The Kameme Day

Right from when I was little, I always had a terrible and almost unredeemable bias towards taxi conductors. From the time I joined Bat Valley in Primary one up to the time I had to be shipped far away from the city for my boarding school education, I had several not-so-memorable run-ins with taxi conductors. Either I was being rubbed the wrong way by the overcrowding and over loading that they did or I was being pissed off by the foul smells of their armpits. And if it wasn’t that, then it would probably be the impatience that they displayed; reminding you to pay every after 20 seconds – something that absolutely pisses me off. There was always something about taxi conductors that simply made me mad.

Taxi ConductorStress

Sometime last month, I was reading an inspirational book about becoming a better person. A*- number of recommendations were made in the book; among them was walking in someone else’s shoes before judging them. After much thought, it occurred to me that the only way I would understand the madness that taxi conductors display was if I was willing to walk a mile in their shoes – or at least a few steps in the very least. I therefore decided to set aside one entire day to study the workings of taxi conductors.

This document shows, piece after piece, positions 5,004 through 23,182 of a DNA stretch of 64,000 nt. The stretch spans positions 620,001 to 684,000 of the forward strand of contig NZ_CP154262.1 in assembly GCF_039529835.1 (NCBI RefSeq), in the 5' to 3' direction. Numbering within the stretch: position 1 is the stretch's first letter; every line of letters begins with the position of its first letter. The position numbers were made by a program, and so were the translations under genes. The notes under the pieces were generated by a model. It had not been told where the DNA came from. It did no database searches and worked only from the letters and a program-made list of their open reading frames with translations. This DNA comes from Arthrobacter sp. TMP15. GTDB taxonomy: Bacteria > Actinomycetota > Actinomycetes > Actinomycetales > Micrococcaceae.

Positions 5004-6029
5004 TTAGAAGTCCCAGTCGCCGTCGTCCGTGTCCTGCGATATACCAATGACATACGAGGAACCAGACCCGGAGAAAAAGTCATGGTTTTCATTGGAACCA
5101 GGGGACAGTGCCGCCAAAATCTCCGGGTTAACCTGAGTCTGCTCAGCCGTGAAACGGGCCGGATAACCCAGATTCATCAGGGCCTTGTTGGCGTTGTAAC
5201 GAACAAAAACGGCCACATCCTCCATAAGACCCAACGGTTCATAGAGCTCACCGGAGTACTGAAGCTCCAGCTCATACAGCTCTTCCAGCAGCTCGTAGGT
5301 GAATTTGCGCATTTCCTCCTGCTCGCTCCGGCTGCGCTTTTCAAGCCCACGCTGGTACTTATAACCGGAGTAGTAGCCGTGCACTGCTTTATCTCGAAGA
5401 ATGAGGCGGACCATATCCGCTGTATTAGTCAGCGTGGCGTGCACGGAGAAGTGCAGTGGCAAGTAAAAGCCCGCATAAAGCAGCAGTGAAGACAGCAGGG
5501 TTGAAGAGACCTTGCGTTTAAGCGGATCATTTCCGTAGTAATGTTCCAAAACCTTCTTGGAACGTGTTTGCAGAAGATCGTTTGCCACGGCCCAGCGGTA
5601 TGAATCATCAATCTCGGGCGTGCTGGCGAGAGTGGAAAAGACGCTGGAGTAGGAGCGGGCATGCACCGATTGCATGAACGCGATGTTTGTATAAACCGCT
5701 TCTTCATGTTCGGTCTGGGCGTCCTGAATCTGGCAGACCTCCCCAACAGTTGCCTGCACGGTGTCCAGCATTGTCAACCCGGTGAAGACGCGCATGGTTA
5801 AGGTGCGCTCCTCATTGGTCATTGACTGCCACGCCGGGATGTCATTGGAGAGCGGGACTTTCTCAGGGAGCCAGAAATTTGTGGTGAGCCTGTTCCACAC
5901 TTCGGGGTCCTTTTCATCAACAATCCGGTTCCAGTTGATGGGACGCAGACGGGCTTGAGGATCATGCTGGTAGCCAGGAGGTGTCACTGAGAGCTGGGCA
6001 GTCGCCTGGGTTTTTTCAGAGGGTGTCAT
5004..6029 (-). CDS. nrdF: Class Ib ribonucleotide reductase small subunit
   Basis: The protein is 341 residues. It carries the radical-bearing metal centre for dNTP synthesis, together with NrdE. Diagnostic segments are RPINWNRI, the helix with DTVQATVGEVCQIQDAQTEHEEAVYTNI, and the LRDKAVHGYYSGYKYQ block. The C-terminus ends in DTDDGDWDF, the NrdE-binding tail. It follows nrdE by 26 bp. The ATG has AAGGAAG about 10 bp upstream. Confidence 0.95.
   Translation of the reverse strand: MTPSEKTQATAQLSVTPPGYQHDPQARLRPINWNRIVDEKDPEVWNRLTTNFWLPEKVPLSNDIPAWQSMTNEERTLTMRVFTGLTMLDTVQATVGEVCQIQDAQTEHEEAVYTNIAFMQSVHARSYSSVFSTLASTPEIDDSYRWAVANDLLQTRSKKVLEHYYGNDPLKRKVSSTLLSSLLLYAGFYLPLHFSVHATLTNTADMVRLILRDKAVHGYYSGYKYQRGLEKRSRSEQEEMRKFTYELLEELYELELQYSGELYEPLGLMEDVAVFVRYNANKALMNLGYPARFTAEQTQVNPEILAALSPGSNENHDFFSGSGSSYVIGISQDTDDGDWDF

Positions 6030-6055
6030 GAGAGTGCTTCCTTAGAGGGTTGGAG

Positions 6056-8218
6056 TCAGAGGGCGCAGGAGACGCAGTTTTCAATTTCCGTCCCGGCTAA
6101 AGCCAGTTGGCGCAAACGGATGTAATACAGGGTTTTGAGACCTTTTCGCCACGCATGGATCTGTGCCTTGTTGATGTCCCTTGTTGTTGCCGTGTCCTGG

I began by talking to a taxi owner who agreed to give me a day to ride in his taxi and monitor how his conductor ran affairs. Better still, the conductor and I agreed that I would play the role of conductor for a few hours – just so I could get the feel of how the job goes down. Below is a documentation of the events that transpired in what might as well be the worst day of my life thus far.

6:00 am – The Beginning

Mugwanya the taxi driver is calling me at such an ungodly hour. Why can’t he wait till 7:00 am when there is a bit of daylight? Ah! Anyway, let’s get this show on the road. I’ll take a quick shower and wait for my driver.

6:17 am – Mugwanya is here!

Woah! This dude is keen on his timing. I thought I would slide back in bed for another 5 minutes but look, it’s already almost 6:20 am and Mugwanya won’t let me get in any more sleep. Oh well, might as well go make myself useful.

6:25 am – What the hell … Is it snowing?

We have started picking the batambuze (passengers) but with this cold, I might freeze to death. Since we are doing the Kiwatule – Ntinda – Kampala route, we are starting from the Kiwatule stage, just next to Wings Coffee. No time for a quick cup of coffee though … the place is even still closed.

6:35 am – Where are the people?

We have been here at Kiwatule stage for about 10 minutes but the passengers are just trickling in. Where are the people? So far just 3 ladies and 5 gentlemen have boarded. 6 people to go, Mugwanya thinks we shall pick them along the way so we get moving.

6:50 am – Ntinda Stage!